Our Daily Correspondent

Photo: Darwin Bell


Life is an onion—you peel it year by year and sometimes cry. ―Carl Sandburg

Here’s a practical writing tip: if you’re stuck, write “Once upon a time.” Go on, try it—I think you’ll find that even the action is soothing. It’s not just that now you have something on the page, although you do. The words themselves are calming. 

Where did I encounter this piece of advice? I don’t want to rob anyone of credit, but misattribution would be bad, too. I think it was in the cookbook The Splendid Table’s How to Eat Supper, but I can’t swear to it. Anyway, in this book, one of the authors relates a time-honored tip passed down from her grandmother: if you don’t know what to make for dinner, just cut up an onion and put it on to cook. The action, the aroma, the fact that an onion is the basis for so many dishes—these factors will conspire to prompt a plan. And if nothing else, you’ll enjoy the savory smell of industry. 

This is good advice, and with a bit of adaptation it can apply to many things in life. Any sort of improvisation must arise from a basic technique. And just as important, the advice understands that there’s nothing more intimidating than a pristine kitchen, a blank canvas, an empty screen. (The blink of a cursor can become downright insolent, when you’re in the wrong mood.)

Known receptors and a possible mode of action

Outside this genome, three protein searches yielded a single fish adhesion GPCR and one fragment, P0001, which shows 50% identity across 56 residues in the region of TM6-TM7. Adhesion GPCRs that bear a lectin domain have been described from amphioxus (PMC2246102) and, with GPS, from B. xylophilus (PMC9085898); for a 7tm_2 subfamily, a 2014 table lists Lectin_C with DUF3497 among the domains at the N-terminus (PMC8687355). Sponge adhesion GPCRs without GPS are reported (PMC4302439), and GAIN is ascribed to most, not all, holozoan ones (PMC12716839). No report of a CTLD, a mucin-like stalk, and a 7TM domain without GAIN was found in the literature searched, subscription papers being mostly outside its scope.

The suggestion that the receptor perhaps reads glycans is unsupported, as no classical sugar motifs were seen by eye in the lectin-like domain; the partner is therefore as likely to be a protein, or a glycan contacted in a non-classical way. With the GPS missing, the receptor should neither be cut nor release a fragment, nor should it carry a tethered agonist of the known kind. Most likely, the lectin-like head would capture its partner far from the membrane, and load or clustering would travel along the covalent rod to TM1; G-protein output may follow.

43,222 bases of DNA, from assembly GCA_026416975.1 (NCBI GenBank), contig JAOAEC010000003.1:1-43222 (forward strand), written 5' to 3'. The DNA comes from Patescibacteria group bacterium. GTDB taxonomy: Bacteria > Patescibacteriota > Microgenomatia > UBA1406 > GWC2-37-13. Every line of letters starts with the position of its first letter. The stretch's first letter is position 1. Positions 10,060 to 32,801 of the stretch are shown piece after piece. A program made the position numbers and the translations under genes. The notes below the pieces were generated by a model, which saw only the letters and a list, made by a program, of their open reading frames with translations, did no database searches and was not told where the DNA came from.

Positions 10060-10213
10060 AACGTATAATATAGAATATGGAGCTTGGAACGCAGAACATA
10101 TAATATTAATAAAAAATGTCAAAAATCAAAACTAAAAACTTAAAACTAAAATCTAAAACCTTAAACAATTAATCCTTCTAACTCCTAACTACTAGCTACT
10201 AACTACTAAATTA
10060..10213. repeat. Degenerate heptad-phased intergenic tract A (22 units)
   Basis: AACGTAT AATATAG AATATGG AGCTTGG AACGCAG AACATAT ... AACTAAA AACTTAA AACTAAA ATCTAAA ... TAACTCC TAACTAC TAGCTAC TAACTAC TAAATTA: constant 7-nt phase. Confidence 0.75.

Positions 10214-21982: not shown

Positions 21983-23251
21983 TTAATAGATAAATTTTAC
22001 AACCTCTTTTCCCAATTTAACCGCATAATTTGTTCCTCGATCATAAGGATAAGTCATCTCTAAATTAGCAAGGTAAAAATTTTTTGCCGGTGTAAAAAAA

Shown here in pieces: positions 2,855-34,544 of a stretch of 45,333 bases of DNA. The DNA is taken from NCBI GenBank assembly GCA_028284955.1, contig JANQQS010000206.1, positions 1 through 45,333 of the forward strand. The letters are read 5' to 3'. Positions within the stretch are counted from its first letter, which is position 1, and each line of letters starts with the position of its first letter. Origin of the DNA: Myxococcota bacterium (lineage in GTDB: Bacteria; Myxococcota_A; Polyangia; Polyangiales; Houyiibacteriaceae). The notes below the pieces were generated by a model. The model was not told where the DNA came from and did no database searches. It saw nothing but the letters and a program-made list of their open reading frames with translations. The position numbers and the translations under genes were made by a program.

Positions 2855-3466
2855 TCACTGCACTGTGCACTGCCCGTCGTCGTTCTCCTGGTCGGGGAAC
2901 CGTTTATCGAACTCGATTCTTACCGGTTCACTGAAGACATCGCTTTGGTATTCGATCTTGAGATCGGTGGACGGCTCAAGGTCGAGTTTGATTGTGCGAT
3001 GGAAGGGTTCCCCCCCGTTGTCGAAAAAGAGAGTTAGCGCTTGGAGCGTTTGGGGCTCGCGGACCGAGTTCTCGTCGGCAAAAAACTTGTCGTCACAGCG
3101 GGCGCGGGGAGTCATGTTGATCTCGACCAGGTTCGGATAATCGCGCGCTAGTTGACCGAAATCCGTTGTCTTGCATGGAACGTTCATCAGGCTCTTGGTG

“Once upon a time” has been my onion for as long as I can remember. Ninth-grade biology reports, junior-year art-history papers on the nude, college papers on the role of food in the work of Flannery O’Connor, college papers on the role of food in Villette, college papers on the role of food in Elizabeth Bowen, college papers on the role of coffee drinking in Raymond Carver’s “Where I’m Calling From” (because they don’t eat anything), book reviews and food articles and fashion items—I’ve started all of them with “Once upon a time.”

It’s a little embarrassing to admit—although if it’s useful to anyone, that’s of little concern. Obviously, I end up erasing the introduction every time. (Well, with one exception.) In fact, I’ve woken in the night in fear that I’ve forgotten to remove “Once upon a time” from the top of an interview with a poet or something. 

For anyone who has been a child or heard a story (most of us), these words stir a certain excitement. Something is about to happen—usually something with a reliable beginning, middle, and end, safely contained in a world apart from your own. And even as an adult, they conjure promise. And they’re reassuring: they imply that someone is in control—a grown-up, an omniscient narrator of some kind, something timeless—even if that is just you. Indeed, especially if it is. 

Sadie Stein is contributing editor of The Paris Review, and the Daily’s correspondent.